Wednesday, October 22, 2014

I Have News

So I have news.

Funny, even when you've perhaps -- just maybe -- celebrated your fiftieth birthday, say the word "news", and everyone -- and I mean everyone -- assumes the news is the kind that arrives in about nine months.

Well, I have news.

But it's not that news.

I want to type, "We are moving," but we're not moving for a while. I think about saying, "We're buying a house," and as long as I stick to the present progressive, that's true. The most accurate report would be, "We have a contract to buy a house." Our mortgage papers say, "You're almost home," but it doesn't necessarily feel that way day to day. It's a process, and as I'm learning, it's a l-o-n-g one.

The whole thing came out of the blue and spanned about the seventy two hours from House Is Available to Contract Signed.  As I told someone, Dave and I have put more time into buying a coffee maker than we did into buying this house.

There's nothing like a chat with a real estate agent or a mortgage broker to make you feel stupid with a capital "S". These people couldn't be nicer, but they speak another language. Oh, the terms! Oh, the forms! Oh, the documents! Points and earnest money, escrow accounts and mortgage insurance, inspections and termite letters. It's another world entirely. At one point I turned to Dave and said, "And this is why we do this every eighteen years."

Stage I is The Contract.

Stage II is The Financing. Stage II is far more complicated and time consuming than Stage I and essentially involves locating hard copies of every last shred of paper related to your financial life and converting them to electronic copies so that the mortgage folks can turn them back into hard copies, mail them to you Fed Ex, have you verify them, and return them once again.

Rain forests, beware.

A new level of crazy and totally exposes the myth of "the paperless environment" all those nice computer folks promised us long ago.

Stage III is The Yard Sale, and it took place Saturday. Words fail me here. I could pen a passionate and humorous post on the merits and pitfalls of yard sales, but let me leave it at this: There must be far, far easier ways to score a hundred bucks. We are so beyond exhausted.

The thought of moving, or more precisely the thought of showing our house, has been, hmmmm, motivating. See, Stage IV is Showing the House. The ink wasn't dry on the contract, and I was zipping to Lowe's to buy flowers for my front window. Curb appeal and all that. 'Cause twelve bucks worth of pansies will sell this house, no doubt about it. Seriously, this is a combination of people over for dinner, my tidiest friend dropping by unannounced, and my mother-in-law planning a lengthy visit.

I look at everything in a new light.

And this is all good except that it doesn't jibe well with Stage III - The Yard Sale, Subtitle: Relocate the Entire Contents of the Attic to Your Living Room. Lest you think I exaggerate, on Friday my living room looked like this:

It wasn't too, too bad because until the night before Stage III, the towering mess was confined to one room. I can deal with contained mess. Mostly. Then it was transferred to the front lawn. The unsold items were then transferred to Goodwill or The Fall Fare which, conveniently, is in three weeks. Maybe five items came back into the house.

For most of my adult life, I have considered myself a moderate minimalist. There's nothing like an impending move or a renovation to put that premise to the acid test. I have my areas of excess -- books and teapots, mostly -- but I really have worked to keep things pared down. We support two yard/rummage sales per year, and I have always fancied myself a great contributor.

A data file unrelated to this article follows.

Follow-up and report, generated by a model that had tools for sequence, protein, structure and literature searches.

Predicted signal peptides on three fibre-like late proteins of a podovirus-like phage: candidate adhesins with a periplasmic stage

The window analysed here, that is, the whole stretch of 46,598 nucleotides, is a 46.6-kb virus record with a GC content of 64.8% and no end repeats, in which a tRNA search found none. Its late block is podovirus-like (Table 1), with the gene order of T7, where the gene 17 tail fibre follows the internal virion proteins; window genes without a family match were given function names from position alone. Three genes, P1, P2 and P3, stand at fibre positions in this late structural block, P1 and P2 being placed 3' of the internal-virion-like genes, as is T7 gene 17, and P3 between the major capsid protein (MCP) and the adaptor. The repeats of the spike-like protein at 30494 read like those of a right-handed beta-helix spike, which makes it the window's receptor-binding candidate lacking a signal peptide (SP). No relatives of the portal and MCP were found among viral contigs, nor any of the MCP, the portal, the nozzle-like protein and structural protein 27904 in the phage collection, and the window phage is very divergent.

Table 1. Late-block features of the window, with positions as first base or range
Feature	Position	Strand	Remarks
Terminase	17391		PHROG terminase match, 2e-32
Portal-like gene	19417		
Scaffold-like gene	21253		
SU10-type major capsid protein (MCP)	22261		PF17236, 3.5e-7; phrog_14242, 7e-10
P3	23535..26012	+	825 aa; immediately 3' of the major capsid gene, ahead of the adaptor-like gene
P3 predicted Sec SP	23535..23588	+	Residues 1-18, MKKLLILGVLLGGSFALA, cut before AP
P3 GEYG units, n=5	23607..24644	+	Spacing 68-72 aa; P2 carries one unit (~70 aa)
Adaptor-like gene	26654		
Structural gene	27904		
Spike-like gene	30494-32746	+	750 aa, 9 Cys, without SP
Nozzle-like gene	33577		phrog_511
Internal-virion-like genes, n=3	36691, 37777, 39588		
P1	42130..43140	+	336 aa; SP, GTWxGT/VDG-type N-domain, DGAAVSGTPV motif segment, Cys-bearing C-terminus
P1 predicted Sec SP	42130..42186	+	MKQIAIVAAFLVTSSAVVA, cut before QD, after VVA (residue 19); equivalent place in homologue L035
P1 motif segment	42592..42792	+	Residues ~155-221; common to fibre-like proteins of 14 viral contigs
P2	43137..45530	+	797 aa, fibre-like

Faced with a) showing my house and then b) moving the entire contents, I have gone to the darkest corners of the attic, plumbed the far reaches of every closet -- and discovered that any pretensions I have of being "A Minimalist" are so far off course as to be comical. I hereby surrender my Minimalist Card, exposing myself for the impostor that I am. I will don sackcloth leftover from an All Saints' costume and sit in front of The Dollar Tree shouting "unclean, unclean." A dozen lashes with those broken Christmas lights I've been hanging on to for ten years!

Everyone, I am convinced, should touch every surface, every item really, once per year.  Our current house boasts two spacious attics. This, I now realize, is not necessarily a good thing. My mother-in-law always talks about moving into a house with no garage, no basement. I see her point. If you have the storage, it will come -- and it will bring a few companions along for the ride. Things like certificates from high school Model United Nations conferences, notebooks from nuclear engineering classes taken a quarter of a century ago, a piggy back I bought when I was eight, the one and only trophy I have ever earned. Tennis. Most improved.

We've made some fun discoveries.

There have been discoveries nostalgic -- I nearly swooned over Tim's first tennies.

There have been discoveries practical -- a brand new, never been used tea kettle.

There have been discoveries gross -- a set of crutches with arm pads that had liquefied in the balmy climate of our attic.

And there have been boxes and boxes and boxes. I'm talking empty ones. A few weeks ago, I found a box labelled "Empty Box," and I'm not even making that up. If I buy a skateboard or a radio or an iron, I always wonder if I'll need to return it. If it's gift, I wrap it and toss the box in the attic. Multiply this by eighteen years, and we've pretty well insulated the attic with cardboard. The good news is that a third of attic needed nothing more than flattening and tossing in the recycling can.